36. Lazy Cycle Detection let G = (V, E) R = {} W = V while W ≠ [] do n = hd(W) for each v ∈ P(n) do for each load "a = *n" do if (v, a) ∉ E then E = E ∪ {(v, a)} W = v::W for each store "*n = b" do if (b, v) ∉ E then E = E∪{(b, v)} W = b::W for each (n, z) ∈ E do ifP(z) = P(n) and (n, z) ∉ R then DetectAndCollapseCycles(z) R = R∪{(n, z)} P(z) = P(z)∪P(n) ifP(z) has changed then W = z::W • If we connect two nodes v1 and v2 that have the same points-to set, chances are that we are in the middle of a cycle. • We can try to find a cycle starting from v2 • If we can indeed find a cycle, then we collapse it • Otherwise we mark the edge (v1, v2) to avoid future searches that are likely to fail.

  37. Example of Lazy Cycle Detection c = &d e = &a a = b b = c c = *e How is the initial points-to graph for the program on the left?

  38. Example of Lazy Cycle Detection c = &d e = &a a = b b = c c = *e What will happen once we process this load constraint?

  39. Example of Lazy Cycle Detection 1) Does the inclusion of this new edge trigger cycle detection? c = &d e = &a a = b b = c c = *e 2) What do we do once we find a cycle in the constraint graph?

  40. Example of Lazy Cycle Detection c = &d e = &a a = b b = c c = *e After we find a cycle, we collapse it into a single node. In this way, we reduce the quantity of nodes we must handle in every search and updating operation of our algorithm. What are the advantages and the disadvantages of lazy cycle detection?

  41. Tradeoffs • The main advantage of lazy cycle detection is the fact that it only fires a search for a cycle once the likelihood to find the cycle is high • Another advantage is that lazy cycle detection is conceptually simple, and it is easy to implement • The main drawback is that a cycle may remain on a points-to graph for a while until we detect it • Another problem is that many searches still fail • The exact proportion of searches that fail has not been reported in the literature as of today.

  42. Wave Propagation • Wave propagation is another algorithm used to solve points-to analysis • It relies on a fast technique♤ to find strongly connected components in the constraint graph • Once these components are found and collapsed, the algorithm propagates points to facts in waves, following a topological ordering of the newly modified graph • This pattern continues, until the points-to graph stops changing. Could you write this descriptions as pseudo-code? ♤: On Finding the Strongly Connected Components in a Directed Graph (1994)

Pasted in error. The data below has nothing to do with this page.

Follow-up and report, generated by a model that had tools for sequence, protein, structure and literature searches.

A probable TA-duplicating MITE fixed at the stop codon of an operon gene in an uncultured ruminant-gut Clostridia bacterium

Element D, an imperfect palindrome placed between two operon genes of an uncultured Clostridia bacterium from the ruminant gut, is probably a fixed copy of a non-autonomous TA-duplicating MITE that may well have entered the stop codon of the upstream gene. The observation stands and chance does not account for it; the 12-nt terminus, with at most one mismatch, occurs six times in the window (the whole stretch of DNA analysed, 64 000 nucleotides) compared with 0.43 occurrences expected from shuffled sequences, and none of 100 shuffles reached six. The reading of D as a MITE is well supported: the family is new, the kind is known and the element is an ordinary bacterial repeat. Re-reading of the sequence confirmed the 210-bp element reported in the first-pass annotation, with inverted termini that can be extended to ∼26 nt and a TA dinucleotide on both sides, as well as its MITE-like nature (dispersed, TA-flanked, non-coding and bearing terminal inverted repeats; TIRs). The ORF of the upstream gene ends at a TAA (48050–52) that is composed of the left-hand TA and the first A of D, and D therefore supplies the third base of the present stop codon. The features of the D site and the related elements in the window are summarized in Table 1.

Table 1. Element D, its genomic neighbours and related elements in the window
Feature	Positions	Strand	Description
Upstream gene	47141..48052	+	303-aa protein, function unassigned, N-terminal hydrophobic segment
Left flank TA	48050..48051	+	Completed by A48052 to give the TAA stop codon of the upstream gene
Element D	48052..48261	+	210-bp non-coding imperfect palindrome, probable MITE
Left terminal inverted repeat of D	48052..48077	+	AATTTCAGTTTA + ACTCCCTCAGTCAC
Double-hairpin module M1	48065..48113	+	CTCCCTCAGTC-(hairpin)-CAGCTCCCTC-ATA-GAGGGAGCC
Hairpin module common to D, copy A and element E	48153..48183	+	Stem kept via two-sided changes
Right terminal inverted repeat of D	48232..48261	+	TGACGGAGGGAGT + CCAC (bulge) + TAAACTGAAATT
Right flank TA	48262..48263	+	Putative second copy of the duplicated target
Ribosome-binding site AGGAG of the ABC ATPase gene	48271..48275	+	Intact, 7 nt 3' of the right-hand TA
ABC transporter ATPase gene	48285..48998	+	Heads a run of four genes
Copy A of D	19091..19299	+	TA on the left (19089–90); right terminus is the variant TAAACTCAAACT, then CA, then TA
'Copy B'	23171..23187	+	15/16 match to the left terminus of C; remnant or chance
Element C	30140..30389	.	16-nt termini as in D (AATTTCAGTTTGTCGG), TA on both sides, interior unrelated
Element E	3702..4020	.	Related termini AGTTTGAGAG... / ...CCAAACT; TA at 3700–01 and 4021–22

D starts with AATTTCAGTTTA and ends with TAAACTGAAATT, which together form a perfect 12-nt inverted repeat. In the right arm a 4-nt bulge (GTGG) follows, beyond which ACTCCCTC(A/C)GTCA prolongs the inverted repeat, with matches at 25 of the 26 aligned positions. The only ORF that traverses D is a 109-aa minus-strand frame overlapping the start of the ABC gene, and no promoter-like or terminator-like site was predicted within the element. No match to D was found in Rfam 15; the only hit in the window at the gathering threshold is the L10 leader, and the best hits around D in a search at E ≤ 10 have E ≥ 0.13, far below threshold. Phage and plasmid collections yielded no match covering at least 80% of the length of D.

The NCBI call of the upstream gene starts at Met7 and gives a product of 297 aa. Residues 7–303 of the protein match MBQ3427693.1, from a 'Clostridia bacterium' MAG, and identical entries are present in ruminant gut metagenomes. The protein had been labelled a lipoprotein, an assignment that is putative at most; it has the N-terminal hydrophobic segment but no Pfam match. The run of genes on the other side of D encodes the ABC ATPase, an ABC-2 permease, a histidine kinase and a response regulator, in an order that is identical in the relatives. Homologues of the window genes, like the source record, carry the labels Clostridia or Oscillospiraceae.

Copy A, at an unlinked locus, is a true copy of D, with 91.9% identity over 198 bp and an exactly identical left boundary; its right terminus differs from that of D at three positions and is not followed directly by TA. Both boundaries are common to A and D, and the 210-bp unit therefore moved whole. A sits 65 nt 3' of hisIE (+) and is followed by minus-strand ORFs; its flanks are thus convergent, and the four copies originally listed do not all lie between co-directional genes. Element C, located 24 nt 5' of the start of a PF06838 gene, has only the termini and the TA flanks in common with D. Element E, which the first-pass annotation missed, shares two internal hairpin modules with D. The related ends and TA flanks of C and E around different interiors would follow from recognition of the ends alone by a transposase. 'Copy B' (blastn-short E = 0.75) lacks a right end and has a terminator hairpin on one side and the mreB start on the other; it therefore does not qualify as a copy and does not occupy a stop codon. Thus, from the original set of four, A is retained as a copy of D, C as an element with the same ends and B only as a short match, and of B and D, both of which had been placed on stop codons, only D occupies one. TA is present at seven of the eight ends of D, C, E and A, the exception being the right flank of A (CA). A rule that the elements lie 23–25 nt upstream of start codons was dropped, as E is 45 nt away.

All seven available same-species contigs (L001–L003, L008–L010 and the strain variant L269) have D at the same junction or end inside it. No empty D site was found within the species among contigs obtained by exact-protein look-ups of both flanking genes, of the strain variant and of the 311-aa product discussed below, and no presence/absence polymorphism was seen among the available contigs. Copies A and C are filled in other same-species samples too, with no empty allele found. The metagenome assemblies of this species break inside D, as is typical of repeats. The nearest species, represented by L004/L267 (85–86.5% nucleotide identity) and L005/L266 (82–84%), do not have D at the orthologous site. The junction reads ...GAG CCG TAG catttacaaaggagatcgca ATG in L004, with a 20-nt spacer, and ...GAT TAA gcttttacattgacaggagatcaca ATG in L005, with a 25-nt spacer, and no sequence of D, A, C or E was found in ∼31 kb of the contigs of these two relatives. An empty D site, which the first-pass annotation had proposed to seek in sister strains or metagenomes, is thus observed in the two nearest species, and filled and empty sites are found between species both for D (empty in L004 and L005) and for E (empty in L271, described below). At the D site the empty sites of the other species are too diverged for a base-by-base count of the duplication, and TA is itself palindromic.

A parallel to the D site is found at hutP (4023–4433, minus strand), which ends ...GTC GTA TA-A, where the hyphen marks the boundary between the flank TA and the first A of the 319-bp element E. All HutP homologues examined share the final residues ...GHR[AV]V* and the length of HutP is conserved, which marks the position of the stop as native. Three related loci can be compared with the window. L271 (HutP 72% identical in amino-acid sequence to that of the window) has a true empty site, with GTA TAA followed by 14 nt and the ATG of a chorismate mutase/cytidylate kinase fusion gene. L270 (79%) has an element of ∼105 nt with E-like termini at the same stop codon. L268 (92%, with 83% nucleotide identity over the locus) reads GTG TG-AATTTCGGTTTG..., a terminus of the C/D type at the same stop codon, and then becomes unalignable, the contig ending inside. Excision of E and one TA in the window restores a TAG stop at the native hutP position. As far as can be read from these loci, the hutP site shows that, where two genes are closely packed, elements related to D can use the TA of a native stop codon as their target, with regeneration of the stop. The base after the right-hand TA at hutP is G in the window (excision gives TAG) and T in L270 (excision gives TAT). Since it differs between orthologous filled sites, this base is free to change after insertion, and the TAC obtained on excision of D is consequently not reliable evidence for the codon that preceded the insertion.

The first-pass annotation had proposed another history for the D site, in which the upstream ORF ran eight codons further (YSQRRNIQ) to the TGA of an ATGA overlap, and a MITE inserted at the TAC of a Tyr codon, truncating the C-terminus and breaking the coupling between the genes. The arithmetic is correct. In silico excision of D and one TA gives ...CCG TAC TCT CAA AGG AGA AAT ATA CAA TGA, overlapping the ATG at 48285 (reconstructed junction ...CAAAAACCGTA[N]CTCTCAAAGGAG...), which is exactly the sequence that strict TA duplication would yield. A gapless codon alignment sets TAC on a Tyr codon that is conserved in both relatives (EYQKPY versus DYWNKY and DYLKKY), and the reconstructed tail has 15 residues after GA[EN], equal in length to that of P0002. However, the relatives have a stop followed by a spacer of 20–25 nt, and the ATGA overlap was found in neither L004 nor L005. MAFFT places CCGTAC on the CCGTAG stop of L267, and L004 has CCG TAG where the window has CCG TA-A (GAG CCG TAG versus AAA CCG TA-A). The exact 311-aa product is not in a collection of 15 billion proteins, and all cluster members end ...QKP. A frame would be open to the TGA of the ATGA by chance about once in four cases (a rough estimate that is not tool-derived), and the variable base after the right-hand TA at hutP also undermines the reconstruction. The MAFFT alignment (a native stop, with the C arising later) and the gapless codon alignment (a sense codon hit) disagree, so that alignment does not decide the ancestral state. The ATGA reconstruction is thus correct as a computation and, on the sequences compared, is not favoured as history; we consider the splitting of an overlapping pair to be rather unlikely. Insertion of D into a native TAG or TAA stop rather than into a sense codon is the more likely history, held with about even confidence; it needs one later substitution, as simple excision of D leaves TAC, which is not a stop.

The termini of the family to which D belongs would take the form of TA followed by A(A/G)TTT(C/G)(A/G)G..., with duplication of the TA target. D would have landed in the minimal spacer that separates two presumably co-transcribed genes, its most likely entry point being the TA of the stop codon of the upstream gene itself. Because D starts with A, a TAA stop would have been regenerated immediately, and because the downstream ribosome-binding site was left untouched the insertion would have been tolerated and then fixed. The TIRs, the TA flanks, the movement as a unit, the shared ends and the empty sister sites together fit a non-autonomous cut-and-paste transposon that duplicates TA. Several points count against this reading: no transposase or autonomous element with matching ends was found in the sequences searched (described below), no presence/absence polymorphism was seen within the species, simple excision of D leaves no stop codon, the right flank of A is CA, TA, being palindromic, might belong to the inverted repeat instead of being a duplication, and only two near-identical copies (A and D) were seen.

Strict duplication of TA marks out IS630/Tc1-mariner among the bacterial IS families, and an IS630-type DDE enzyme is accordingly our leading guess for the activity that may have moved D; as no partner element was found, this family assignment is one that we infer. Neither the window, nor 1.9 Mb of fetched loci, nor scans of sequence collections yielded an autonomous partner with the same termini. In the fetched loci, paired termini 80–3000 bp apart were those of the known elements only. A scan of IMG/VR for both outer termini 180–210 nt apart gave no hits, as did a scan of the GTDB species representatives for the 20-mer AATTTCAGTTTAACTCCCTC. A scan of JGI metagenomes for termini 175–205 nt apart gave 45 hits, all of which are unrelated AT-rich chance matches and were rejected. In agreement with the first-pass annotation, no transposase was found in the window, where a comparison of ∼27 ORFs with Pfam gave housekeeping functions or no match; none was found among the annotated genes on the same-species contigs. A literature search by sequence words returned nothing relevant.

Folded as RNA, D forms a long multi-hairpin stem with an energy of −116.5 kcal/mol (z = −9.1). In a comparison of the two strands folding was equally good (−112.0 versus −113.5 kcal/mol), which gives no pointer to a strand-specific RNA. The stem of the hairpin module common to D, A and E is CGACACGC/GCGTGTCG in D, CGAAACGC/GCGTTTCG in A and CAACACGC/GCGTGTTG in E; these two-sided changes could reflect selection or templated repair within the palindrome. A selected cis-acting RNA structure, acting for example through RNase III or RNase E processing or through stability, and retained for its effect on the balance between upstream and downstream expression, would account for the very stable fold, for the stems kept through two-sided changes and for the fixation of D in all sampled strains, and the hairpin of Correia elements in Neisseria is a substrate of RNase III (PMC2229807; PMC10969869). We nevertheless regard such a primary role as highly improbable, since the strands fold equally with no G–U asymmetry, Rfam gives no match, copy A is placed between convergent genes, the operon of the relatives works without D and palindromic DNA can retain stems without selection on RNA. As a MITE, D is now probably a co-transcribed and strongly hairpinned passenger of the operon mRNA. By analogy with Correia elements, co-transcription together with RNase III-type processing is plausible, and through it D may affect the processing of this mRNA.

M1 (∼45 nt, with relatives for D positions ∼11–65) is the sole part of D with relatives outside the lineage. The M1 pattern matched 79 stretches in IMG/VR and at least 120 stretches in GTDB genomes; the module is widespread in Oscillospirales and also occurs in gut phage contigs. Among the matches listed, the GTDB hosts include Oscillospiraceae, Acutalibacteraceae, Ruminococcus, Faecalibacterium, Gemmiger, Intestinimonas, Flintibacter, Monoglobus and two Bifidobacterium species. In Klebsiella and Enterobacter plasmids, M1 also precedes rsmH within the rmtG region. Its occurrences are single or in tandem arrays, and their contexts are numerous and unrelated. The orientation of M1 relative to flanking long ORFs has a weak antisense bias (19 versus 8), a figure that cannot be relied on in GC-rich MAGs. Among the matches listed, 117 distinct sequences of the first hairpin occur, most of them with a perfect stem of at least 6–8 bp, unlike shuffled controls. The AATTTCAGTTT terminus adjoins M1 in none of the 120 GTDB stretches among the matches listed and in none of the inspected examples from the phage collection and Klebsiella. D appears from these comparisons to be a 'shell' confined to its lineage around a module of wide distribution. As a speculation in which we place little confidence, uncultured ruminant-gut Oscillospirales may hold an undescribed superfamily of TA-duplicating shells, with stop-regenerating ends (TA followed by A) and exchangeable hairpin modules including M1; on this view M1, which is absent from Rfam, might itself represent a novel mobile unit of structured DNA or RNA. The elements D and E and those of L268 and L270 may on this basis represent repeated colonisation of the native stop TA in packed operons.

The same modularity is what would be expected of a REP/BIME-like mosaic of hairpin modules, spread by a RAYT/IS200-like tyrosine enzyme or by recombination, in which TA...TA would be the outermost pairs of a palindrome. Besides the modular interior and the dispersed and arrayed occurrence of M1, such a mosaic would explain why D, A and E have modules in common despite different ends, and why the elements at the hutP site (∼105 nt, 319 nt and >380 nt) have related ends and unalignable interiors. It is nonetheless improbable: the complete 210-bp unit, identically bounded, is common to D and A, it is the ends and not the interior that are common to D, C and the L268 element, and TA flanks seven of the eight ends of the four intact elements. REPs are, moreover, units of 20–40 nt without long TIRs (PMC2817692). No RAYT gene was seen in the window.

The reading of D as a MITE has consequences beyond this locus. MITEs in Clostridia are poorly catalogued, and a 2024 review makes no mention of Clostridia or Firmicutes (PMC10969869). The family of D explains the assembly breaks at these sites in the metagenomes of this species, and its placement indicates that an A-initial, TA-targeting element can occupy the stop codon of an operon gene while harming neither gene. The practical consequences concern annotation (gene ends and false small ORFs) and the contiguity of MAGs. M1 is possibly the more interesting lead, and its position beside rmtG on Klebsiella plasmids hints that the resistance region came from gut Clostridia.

43. Wave Propagation repeat changed = false collapse Strongly Connected Components WavePropagation AddNewEdges if a new edge has been added to G then changed = true until changed = false 1) What do you think WavePropagationdoes? 2) What about the AddNewEdgesalgorithm?

  44. Wave Propagation of Points-to Information Each node is associated with two sets, Pcur and Pold. The first denotes the current points-to facts that we know about the node. The second denotes the points-to fact that we knew in the last iteration of our algorithm. WavePropagation(G, P, T) while T ≠ [] v = hd(T) Pdif = Pcur(v) – Pold(v) Pold = Pcur(v) ifPdif ≠ {} for eachw such that (v, w) ∈ E do Pcur(w) = Pcur(w) ∪ Pdif • The parameters of the algorithm are: • G: the points-to graph • P: the points-to facts • T: the topological ordering of the nodes in G

  45. The Creation of New Edges AddNewEdges(G = (E, V), C) for each operation c such as l = *r in C do Pnew = Pcur(r) – Pcache(c) Pcache(c) = Pcache(c) ∪ Pnew for eachv ∈ Pnewdo if (v, l) ∉ E then E = E ∪ {(v, l)} Pcur(l) = Pcur(l) ∪ Pold(v) for each operation c such as *l = rdo Pnew = Pcur(r) – Pcache(c) Pcache(c) = Pcache(c) ∪ Pnew for eachv ∈ Pnewdo if (r, v) ∉ E then E = E ∪ {(r, v)} Pcur(l) = Pcur(l) ∪ Pold(r) We keep track of Pcache(c), the last collection of points used in the evaluation of the complex constraint c. This optimization reduces the number of edges that must be checked for inclusion in G. Pcache(c) is initially set to {}. This updating will set the ground for the next iteration of the wave propagation.

  46. Wave Propagation: an example • Lets illustrate the wave propagation algorithm with the following set of statements: h = &ce = &gb = c h = &gh = a c = b a = &ef = db = a d = *h *e = ff = &a What is the initial points-to graph for this program? Answer explaining how many nodes, and how many edges this graph will have.

  47. Wave Propagation: an example h = &ce = &gb = cd = *h h = &gh = a c = bf = &a a = &ef = db = a *e = f How will be the graph after we merge SCCs?

  48. Wave Propagation: an example h = &ce = &gb = cd = *h h = &gh = a c = bf = &a a = &ef = db = a *e = f How will be the graph after the first wave propagation?

  49. Wave Propagation: an example h = &ce = &gb = cd = *h h = &gh = a c = bf = &a a = &ef = db = a *e = f How will be the graph after we add the new edges? Which constraints do we have to consider now?

  50. Wave Propagation: an example h = &ce = &gb = cd = *h h = &gh = a c = bf = &a a = &ef = db = a *e = f Can you finish the iterations of the algorithm in this graph?